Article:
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Privacy May Be an Anomaly, Says Google
Privacy May Be an Anomaly, Says Google's Vint Cerf

By Seth Fitzgerald
November 21, 2013 1:39PM

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In choosing to share absolutely everything about oneself, it seems trivial for that person to request privacy, Google's Vint Cerf told the FTC. By no means is Cerf, Google's chief Internet evangelist, anti-privacy -- instead he seems to be putting the idea of privacy into context, showing why it is difficult to demand that things remain hidden.
 


In the midst of bombshell Snowden revelations, Google has come out on the side of users in many instances, choosing to criticize the NSA. Now, Google's chief Internet evangelist Vint Cerf told the U.S. Federal Trade Commission that real privacy may be an anomaly and something that has only recently come about among humans.

Along with the odd nature of privacy elaborated upon by Cerf, he brought up the important fact that very little of someone's life is private simply due to his own actions. He says that social media has been a huge contributor to a general lack of privacy between individuals.

He May Be Right

Cerf definitely has a point in saying that privacy is not inherent to humans, nor is it something that had been expected in the culture for very long. Only a short time ago, postmasters in small towns would know who was sending mail to the town's residents and only a little before that, few people cared about neighbors seeing them bathe.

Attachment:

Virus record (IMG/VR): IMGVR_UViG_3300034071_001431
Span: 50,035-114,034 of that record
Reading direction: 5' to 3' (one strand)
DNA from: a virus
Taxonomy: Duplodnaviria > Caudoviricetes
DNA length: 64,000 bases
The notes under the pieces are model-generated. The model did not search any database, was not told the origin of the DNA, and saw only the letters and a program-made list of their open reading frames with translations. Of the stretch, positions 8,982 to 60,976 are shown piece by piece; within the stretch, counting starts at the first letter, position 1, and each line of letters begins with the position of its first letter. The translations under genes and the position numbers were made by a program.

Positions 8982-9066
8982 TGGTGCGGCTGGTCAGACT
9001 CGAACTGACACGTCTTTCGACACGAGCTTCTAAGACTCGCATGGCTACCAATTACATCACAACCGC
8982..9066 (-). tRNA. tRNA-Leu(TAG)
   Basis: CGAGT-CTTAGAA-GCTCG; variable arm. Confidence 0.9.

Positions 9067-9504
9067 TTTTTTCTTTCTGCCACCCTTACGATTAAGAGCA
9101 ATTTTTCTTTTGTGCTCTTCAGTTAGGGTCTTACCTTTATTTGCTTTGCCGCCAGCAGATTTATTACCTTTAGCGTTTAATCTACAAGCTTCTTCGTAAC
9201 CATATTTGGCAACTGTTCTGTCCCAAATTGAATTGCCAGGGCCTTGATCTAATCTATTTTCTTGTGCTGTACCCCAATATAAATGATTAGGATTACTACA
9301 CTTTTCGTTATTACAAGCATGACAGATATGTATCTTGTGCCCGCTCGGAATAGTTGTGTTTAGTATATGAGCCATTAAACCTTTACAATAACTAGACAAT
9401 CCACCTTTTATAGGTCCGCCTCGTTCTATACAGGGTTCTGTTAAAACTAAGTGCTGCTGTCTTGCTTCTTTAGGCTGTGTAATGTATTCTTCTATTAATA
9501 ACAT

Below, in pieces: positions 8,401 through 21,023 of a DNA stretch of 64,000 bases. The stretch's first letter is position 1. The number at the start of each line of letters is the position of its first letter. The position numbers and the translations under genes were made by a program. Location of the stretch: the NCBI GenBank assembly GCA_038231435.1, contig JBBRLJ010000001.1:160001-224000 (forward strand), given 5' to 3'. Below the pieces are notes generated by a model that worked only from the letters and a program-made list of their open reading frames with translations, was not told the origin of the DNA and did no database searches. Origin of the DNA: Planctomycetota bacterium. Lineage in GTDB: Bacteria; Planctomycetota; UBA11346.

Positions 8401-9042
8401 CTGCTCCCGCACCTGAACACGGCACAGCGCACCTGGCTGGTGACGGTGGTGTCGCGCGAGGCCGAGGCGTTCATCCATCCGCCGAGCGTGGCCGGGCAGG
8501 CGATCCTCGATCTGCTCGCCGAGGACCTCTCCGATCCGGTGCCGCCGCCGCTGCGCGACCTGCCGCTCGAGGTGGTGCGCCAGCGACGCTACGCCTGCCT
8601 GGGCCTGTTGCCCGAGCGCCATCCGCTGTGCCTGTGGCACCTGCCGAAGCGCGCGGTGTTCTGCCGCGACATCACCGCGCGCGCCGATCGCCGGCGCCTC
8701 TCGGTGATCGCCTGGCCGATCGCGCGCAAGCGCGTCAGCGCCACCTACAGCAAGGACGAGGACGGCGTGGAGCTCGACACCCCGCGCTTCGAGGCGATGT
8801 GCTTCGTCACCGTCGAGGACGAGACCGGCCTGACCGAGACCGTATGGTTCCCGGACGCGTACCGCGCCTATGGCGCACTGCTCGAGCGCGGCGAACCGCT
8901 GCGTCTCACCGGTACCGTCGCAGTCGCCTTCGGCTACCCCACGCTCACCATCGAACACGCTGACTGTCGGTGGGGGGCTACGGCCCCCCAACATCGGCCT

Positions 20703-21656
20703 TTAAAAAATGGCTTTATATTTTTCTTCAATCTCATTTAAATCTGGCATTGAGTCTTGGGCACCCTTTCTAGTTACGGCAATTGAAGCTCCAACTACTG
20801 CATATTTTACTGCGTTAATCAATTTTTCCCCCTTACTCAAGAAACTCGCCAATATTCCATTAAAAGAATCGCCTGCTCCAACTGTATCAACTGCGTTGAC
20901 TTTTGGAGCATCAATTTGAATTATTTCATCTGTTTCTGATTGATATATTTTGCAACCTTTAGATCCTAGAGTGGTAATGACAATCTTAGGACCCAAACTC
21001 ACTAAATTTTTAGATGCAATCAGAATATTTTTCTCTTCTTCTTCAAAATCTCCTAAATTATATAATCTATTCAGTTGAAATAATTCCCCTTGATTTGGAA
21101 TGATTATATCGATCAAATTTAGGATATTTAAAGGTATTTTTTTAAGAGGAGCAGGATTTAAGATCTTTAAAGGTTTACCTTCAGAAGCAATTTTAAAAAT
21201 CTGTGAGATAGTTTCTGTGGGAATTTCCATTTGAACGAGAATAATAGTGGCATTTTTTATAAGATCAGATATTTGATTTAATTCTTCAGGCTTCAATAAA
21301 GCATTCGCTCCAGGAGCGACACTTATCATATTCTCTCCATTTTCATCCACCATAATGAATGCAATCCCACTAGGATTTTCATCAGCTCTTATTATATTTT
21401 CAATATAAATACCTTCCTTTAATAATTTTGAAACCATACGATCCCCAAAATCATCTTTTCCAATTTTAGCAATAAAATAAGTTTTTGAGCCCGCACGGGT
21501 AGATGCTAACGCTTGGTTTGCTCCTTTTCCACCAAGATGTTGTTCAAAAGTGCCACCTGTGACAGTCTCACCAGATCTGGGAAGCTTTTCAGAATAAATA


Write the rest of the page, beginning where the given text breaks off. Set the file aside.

When realizing how open people were just 100 to 200 years ago, the idea of complete and utter privacy seems odd for humans. Instead of the way that people normally think of the Internet in taking away privacy, Cerf says that the Internet practically invented the idea of keeping things hidden from others.

"In a town of 3,000 people there is no privacy. Everybody knows what everybody is doing," said Cerf, while taking questions yesterday at a FTC event. Now that the Internet is so common, that town of 3,000 has grown into a digital town of millions that is perhaps even more tightly knit and within which it is harder to instill privacy.

"It’s the industrial revolution and the growth of urban concentrations that led to a sense of anonymity," Cerf said. With the industrial revolution occurring just a short time ago, we may still be in the early stages of developing and instilling privacy.

The Biggest Obstacle

By choosing to create social networks with the Internet, it seems as though humans have created their own obstacles in the way of true privacy, a point echoed by Cerf. "Our social behavior is also quite damaging with regard to privacy," Cerf says.

In choosing to share absolutely everything about oneself, it seems trivial for that person to request privacy. By no means is Cerf anti-privacy, instead he seems to be putting the idea of privacy into context, showing why it is difficult to demand that things remain hidden.

"We are going to live through situations where some people get embarrassed, some people end up going to jail, some other people have other problems as a consequence of some of these experiences. . . . This is something we're gonna have to live through. I don't think it’s easy to dictate this."

While privacy is something that is attainable, Cerf wanted people to understand why things seem so far from private in light of the NSA, social networks, and other inherent opponents of privacy.
 

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